BERLIN — Bill and Ginger Taylor have inarguably the shortest commute to the Berlin Farmers Market, where they set up their seafood stand each Wednesday and Friday.
The Berlin couple live blocks away from the market and got into the seafood retail business as part of preparing for Bill’s imminent retirement.
Bill, who has spent the last 60 years “foolin’ with seafood” said that when they began looking for an opportunity coming to the Berlin Farmers Market seemed to make the most sense. As retailers, they don’t have to go to the boat to get their fresh seafood, it comes to them fresh before each of their market days. They sell from the Salisbury Farmers Market Saturdays but never miss their Wednesday and Friday gigs at Berlin. Although the market remains open into the late afternoon, so successful do the vendors tend to be that there wasn’t much left after 1 p.m. one recent Friday, which vendors said it’s peculiar for this time of year.
“This town is very, very supportive of the Farmers Market,” said Paul Wood, who makes the trip from Parsonsburg each Wednesday and Friday to participate, and has for the last two decades. “We see the same people over and over.”
Along with his wife Susan, Wood provides herbs, fresh flowers in hanging baskets and eggs as part of their weekly supply.
The couple participates in the Ocean City Farmers Market as well but they have developed relationships in the Berlin Farmers Market that demand their two-day-a-week attendance.
Because they receive such great support from the locals, the Woods have come to see taking care of them as their primary concern.
“The core of this market is Berlin local people,” Susan said.
It was a sentiment echoed throughout the market as vendor after vendor discussed how important selling to the locals has become.
Elise Jett, who is one of the few vendors selling prepared food, is entering her second year in the Berlin Farmers Market and the steady sales have already allowed her to begin growing her business. Jett and her mother, Maggie Koch, sell breads, preserves and other confections they produce on their Parsonsburg farm.Although they try to use only ingredients they grow, demand is such that they often have to make purchases to keep up with demand.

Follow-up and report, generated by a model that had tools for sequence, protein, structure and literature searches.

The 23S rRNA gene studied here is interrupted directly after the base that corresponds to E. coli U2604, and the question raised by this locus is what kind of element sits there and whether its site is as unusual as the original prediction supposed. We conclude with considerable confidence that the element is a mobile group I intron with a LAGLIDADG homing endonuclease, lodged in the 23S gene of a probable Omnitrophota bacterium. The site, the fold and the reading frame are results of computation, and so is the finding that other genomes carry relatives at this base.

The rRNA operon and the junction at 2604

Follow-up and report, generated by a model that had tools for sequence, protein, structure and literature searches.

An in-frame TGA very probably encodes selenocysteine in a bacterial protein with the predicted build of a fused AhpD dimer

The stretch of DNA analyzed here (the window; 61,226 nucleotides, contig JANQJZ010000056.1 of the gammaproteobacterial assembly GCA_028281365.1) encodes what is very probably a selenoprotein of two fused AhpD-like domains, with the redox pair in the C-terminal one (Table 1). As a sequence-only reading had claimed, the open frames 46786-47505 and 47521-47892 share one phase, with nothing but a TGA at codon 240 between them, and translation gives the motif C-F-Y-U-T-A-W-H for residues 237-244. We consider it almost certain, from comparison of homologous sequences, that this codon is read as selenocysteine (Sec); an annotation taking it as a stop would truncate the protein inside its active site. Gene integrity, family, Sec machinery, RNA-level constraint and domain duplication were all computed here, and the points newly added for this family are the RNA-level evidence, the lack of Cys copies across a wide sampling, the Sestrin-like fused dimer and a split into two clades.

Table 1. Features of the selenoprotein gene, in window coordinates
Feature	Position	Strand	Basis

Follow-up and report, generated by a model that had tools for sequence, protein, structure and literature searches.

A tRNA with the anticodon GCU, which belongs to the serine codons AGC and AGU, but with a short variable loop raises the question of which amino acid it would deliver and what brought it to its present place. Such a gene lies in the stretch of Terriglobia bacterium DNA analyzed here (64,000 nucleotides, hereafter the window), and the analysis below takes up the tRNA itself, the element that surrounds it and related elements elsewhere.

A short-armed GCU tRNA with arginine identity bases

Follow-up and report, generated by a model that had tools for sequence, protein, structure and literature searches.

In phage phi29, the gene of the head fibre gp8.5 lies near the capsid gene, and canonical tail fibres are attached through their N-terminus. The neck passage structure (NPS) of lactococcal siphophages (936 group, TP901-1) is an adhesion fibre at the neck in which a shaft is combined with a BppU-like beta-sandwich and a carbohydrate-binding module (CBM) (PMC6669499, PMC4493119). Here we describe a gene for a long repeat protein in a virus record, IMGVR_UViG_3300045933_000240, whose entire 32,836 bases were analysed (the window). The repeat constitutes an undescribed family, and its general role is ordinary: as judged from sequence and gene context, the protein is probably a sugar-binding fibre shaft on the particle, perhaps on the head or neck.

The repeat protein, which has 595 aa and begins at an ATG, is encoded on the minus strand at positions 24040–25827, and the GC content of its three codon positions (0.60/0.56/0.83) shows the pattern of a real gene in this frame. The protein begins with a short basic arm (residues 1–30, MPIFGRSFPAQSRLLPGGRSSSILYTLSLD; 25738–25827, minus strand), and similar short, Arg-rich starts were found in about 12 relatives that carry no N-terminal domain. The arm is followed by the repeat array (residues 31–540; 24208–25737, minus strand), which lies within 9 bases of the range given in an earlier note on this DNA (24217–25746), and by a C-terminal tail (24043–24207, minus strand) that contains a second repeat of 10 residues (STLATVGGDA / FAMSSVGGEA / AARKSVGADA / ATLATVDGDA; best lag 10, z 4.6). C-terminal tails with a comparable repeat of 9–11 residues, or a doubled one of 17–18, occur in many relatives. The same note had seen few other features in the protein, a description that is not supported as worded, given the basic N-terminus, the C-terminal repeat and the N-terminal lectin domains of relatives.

“What we don’t grow we buy from other local farmers,” Jett said.
She added that a lot of the time she can make up the difference between what she’s grown and what she needs right at the Berlin Farmers Market, making her a customer as well as a colleague to many of the other vendors.
The Berlin Farmers Market has a combination of niche purveyors as well as enough regular producers to ensure both sustained quality and variety.
Terry Jordan, for instance, tends to specialize in greens and flowers, although as the season moves forward she will expand her selection.
This year Jordan has increased both the number and amount of micro-greens she grows to sell. Micro-greens are becoming more popular with chefs — Leo D’Aleo from the Atlantic Hotel is a regular customer — because they occupy the space between sprouts and herbs.
By harvesting the plants after they have grown past the sprout stage but before they have matured they have the perfect balance of flavor and tenderness both as salad additives and on their own as spices.
Dave and Cheryl Wiley, in their third year at the Berlin Farmers Market, have also developed a niche following. In addition to their certified organic tomatoes and herbs, the Selbyville, Del. couple also grows and sells topiary.
The Berlin Farmers Market is open 2-6 p.m. Wednesdays and 10 a.m.-3 p.m. Fridays on the corner of Main and West Street, near the Taylor House Museum. It is administered by the Berlin Chamber of Commerce, specifically new Market Manger and Chamber employee Liz Walk. Walk has only been running the market for the Chamber for a few months but has already brought a new sense of organization and stability to an already reliable market.
She can be reached at 410-641-4775 or through berlinchamber.org.